Text: Claire Lessiau & Marcella van Alphen Photographs: Claire Lessiau & Marcella van Alphen
South Africa attracts for its safari game reserves, varied landscapes, surfing spots, beautiful Cape Town and the very well-marketed Garden Route. A day in the vineyards of Stellenbosch or Franschhoek is often part of the trip, but the rainbow nation is not necessarily renowned for its gastronomy. However, for the past ten years, the food scene in Cape Town has gone from non-remarkable to exquisite. If there are no restaurants rewarded with Michelin stars in the country, it is simply because the French prestigious guide does not operate on the African continent. Nevertheless, Capetonian restaurants have become used to hitting competing lists of world’s best restaurants such as the Test Kitchen in Woodstock, or La Colombe in Constantia. If it has become quite noticeable, and has also hit the top of these lists, there is still a little gem for the ones in the know… The Chefs Warehouse… Started as one location in the city centre in 2014 by chef Liam Tomlin, and expanded since, the dish-sharing restaurant concept combines delicious food artistically plated in remarkable locations with a fantastic service and a great attention to details.
Text: Marcella van Alphen Photographs: Marcella van Alphen & Claire Lessiau All photographs taken in the wild & available in high definition upon request. All rights reserved.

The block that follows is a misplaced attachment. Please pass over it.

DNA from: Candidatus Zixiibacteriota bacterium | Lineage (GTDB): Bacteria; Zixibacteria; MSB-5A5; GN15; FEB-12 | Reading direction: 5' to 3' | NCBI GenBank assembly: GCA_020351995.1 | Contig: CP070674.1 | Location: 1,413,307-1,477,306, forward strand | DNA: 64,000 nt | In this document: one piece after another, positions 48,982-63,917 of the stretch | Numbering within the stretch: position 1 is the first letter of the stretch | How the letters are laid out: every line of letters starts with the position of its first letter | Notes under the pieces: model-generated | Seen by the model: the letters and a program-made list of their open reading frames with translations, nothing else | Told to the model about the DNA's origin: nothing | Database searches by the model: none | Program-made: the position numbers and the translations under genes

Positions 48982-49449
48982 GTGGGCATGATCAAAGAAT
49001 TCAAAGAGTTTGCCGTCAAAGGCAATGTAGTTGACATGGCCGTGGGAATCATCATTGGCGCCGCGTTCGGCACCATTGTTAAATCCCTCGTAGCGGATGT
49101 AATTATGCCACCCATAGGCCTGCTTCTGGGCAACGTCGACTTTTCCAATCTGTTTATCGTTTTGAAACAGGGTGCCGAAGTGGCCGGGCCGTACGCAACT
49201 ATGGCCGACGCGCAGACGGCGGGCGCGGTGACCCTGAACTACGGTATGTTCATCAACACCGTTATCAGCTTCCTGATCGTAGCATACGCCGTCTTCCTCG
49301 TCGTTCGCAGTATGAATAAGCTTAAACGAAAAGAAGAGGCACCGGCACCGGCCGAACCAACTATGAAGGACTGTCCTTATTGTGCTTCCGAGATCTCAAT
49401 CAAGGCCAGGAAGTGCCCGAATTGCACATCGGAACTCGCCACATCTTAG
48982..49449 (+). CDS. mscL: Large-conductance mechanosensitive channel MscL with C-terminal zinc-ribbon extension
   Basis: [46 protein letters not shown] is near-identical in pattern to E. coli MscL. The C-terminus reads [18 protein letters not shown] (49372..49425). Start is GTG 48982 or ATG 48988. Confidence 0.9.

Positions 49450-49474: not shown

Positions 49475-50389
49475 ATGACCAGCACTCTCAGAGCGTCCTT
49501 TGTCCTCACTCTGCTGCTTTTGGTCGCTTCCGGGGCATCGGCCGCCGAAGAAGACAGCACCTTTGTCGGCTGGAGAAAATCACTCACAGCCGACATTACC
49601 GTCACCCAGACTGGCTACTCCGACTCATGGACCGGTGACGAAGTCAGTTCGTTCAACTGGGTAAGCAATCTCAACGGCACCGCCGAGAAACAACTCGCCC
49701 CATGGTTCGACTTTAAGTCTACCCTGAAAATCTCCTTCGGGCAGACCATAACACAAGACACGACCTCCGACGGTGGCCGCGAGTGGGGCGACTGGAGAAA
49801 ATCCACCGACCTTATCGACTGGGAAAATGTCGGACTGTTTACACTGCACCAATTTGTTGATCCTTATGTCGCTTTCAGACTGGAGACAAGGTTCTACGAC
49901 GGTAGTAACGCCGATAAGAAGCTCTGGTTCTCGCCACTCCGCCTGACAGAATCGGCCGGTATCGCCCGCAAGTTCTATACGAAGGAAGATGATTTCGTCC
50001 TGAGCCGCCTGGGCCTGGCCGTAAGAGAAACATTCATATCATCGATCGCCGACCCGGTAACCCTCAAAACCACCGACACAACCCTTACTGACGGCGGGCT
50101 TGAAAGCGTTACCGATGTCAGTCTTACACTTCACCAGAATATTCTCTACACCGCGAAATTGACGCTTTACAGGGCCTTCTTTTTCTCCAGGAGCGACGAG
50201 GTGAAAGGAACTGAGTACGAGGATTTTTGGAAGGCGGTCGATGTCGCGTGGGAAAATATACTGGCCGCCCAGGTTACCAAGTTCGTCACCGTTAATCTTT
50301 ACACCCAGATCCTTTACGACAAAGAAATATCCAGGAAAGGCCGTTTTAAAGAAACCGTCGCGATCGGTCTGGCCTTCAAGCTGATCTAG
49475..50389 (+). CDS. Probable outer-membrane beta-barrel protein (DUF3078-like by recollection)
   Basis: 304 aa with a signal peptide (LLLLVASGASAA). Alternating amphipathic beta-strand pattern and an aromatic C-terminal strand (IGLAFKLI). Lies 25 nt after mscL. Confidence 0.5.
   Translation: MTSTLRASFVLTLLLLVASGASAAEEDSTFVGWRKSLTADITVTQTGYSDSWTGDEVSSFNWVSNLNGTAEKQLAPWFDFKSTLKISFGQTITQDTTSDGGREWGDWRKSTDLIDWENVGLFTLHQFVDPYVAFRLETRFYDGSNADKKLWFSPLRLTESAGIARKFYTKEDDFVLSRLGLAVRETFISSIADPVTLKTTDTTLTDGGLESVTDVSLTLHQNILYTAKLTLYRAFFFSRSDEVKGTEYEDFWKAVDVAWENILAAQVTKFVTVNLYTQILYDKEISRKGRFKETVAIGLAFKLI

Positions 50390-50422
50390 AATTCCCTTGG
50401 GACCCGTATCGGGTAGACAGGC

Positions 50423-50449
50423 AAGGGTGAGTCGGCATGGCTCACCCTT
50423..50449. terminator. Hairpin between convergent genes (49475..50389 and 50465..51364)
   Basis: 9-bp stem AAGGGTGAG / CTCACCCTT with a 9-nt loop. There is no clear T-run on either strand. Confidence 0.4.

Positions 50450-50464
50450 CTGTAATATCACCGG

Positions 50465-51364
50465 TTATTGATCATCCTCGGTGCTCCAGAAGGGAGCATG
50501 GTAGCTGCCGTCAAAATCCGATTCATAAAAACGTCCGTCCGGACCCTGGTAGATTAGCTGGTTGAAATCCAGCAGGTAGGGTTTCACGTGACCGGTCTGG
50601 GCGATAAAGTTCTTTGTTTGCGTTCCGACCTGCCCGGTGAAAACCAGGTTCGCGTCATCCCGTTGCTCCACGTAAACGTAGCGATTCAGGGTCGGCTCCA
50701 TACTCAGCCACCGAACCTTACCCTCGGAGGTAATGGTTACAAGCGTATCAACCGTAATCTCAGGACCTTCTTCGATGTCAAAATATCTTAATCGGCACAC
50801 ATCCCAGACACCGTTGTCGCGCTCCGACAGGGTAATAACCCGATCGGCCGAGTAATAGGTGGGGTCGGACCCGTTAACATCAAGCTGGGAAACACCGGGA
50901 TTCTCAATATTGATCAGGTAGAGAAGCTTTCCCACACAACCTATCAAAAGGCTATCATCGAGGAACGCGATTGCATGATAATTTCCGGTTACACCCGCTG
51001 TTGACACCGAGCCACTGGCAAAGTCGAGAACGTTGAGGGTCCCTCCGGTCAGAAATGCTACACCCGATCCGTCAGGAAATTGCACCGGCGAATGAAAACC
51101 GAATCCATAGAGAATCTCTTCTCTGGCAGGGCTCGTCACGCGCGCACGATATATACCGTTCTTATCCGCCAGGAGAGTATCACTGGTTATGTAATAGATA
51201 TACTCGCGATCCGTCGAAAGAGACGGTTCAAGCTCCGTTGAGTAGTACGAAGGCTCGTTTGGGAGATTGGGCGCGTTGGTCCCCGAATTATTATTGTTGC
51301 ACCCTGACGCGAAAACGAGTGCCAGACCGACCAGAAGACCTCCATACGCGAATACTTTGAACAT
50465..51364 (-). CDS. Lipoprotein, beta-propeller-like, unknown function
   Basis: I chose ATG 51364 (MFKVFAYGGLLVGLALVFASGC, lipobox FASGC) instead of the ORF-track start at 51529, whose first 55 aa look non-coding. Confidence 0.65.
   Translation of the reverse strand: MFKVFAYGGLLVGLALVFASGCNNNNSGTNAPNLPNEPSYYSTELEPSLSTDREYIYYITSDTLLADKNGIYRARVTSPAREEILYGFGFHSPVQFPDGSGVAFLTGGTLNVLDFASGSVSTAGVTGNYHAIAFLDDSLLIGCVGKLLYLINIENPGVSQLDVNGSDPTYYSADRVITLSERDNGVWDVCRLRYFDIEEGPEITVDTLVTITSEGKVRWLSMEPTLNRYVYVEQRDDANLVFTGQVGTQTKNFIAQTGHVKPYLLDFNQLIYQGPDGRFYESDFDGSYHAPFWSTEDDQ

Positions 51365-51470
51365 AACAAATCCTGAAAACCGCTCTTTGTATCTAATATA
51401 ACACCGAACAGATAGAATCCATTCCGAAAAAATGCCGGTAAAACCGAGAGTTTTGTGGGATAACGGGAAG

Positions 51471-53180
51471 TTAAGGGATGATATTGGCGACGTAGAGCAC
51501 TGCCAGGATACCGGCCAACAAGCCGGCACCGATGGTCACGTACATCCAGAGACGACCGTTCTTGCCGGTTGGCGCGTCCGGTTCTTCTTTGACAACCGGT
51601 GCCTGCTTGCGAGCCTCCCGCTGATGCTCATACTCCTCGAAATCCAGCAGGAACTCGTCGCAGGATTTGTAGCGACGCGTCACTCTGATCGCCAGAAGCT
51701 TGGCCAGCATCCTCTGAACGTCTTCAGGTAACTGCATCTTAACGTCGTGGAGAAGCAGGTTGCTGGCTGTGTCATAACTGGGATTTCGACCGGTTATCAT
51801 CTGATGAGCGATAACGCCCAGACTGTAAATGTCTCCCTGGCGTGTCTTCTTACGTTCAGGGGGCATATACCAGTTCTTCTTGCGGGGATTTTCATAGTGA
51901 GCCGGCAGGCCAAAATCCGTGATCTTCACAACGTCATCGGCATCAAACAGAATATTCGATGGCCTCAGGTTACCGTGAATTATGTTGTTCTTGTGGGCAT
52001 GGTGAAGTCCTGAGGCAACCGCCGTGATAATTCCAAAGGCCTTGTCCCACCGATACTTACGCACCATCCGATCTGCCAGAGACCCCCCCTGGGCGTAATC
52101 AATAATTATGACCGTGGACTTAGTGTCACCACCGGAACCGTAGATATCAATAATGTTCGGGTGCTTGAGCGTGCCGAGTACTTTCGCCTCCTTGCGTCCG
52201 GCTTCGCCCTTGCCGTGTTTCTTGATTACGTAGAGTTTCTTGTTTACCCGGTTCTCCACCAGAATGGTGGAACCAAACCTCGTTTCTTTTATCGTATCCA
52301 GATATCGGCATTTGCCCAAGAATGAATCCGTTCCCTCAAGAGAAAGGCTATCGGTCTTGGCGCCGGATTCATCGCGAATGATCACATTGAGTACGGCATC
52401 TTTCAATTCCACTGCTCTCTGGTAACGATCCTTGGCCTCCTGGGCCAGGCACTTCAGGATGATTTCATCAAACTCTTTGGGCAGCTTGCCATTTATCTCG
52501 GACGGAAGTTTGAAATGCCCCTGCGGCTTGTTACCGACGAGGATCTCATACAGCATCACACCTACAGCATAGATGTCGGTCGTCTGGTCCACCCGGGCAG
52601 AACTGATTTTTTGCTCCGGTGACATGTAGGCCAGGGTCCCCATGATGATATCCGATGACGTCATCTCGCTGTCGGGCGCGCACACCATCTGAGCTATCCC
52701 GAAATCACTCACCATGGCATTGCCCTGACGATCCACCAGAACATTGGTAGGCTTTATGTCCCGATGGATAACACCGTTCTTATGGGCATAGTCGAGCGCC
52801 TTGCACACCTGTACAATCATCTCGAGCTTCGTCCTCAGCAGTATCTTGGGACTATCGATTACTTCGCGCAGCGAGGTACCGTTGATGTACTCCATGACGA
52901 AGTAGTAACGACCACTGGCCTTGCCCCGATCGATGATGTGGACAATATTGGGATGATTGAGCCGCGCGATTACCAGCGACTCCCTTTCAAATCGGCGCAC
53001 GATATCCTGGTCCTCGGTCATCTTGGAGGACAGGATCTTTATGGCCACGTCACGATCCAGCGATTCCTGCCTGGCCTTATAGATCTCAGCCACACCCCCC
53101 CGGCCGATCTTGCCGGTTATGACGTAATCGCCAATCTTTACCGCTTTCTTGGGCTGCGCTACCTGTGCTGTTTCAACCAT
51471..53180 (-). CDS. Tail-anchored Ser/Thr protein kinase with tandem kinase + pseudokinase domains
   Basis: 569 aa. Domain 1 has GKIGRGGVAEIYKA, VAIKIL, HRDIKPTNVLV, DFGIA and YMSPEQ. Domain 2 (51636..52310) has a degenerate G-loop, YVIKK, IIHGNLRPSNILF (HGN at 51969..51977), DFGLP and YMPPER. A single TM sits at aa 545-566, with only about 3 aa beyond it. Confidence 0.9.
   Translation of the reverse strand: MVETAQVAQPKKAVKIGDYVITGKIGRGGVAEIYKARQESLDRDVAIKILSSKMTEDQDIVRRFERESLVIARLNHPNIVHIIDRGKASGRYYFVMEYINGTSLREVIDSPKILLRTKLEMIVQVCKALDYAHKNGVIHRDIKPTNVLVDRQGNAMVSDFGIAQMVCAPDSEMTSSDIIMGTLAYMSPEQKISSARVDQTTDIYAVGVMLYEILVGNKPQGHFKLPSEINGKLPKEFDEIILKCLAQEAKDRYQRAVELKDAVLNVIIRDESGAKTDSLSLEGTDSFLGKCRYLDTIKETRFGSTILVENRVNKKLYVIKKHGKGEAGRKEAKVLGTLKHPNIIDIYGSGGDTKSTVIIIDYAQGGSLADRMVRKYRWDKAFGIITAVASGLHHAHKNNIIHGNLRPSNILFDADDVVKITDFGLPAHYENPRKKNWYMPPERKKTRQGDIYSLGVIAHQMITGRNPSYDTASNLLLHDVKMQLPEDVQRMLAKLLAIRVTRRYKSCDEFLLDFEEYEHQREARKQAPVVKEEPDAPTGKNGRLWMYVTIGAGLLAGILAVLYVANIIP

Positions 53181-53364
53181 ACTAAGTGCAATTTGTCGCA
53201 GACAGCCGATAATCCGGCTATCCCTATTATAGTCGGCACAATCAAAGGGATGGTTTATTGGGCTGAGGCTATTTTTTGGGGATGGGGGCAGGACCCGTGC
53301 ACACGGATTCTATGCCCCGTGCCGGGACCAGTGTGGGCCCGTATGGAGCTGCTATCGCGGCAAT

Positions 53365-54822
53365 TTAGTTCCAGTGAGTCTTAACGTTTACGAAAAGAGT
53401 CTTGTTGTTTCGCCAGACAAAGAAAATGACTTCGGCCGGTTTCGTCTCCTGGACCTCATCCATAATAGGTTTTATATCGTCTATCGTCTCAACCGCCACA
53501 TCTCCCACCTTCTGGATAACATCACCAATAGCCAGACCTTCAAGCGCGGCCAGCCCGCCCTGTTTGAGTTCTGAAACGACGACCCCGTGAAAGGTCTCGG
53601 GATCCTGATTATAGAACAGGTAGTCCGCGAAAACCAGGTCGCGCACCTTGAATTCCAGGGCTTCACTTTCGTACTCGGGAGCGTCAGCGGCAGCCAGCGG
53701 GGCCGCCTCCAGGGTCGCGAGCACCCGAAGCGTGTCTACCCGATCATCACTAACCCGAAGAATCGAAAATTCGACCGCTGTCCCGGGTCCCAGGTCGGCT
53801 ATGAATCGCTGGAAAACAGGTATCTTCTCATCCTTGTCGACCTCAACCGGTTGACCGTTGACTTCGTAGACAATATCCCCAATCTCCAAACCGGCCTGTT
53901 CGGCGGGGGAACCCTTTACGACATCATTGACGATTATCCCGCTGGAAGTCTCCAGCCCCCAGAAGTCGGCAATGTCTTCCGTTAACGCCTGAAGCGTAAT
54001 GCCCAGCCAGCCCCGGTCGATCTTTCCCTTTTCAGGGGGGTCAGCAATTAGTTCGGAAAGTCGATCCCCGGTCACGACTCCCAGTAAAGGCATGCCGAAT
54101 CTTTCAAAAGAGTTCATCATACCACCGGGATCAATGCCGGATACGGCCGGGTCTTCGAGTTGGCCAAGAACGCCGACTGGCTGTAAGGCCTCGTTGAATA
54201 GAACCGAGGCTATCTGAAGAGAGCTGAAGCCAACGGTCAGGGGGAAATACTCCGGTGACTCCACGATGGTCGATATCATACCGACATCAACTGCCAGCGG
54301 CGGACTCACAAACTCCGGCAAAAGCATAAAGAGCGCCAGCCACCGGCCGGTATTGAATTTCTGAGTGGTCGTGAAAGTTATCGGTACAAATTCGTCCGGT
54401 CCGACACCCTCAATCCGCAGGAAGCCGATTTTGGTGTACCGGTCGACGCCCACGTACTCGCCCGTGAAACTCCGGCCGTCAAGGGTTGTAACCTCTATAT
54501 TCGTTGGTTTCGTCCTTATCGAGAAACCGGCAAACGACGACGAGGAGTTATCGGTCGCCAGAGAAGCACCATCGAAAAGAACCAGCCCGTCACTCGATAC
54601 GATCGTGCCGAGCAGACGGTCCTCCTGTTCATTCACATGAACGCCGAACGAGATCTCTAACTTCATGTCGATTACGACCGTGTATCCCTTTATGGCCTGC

I follow our trail guide in his tracks while scanning the bushes surrounding me in the Hluhluwe Imfolozi park in South Africa during an early morning bush walk. With three other wildlife enthusiasts, we are on a mission to spot some of the Big 5 and one of world’s most ancient mammals. Our safari guide seems to have picked up some tracks and signs of one of them… Under the rising sun, he snaps his fingers to signal us to stop walking, while pointing out three majestic white rhinos close to a small waterhole, only 200 metres away from our small group. For a few magical moments, the sound of the shutters of our cameras competes with the singing of the birds and the loud and ungracious honking of a couple of Nile Geese fiercely guarding their precious body of water. “Please, do not post your photos on social media with the exact location of any rhinoceros”, our field guide urges us with a solemn voice. Poachers are a very serious threat and all means are good for them to locate these prehistoric animals for their horns that sell for a fortune on the black market in order to feed the unsatiable Chinese and Vietnamese demand.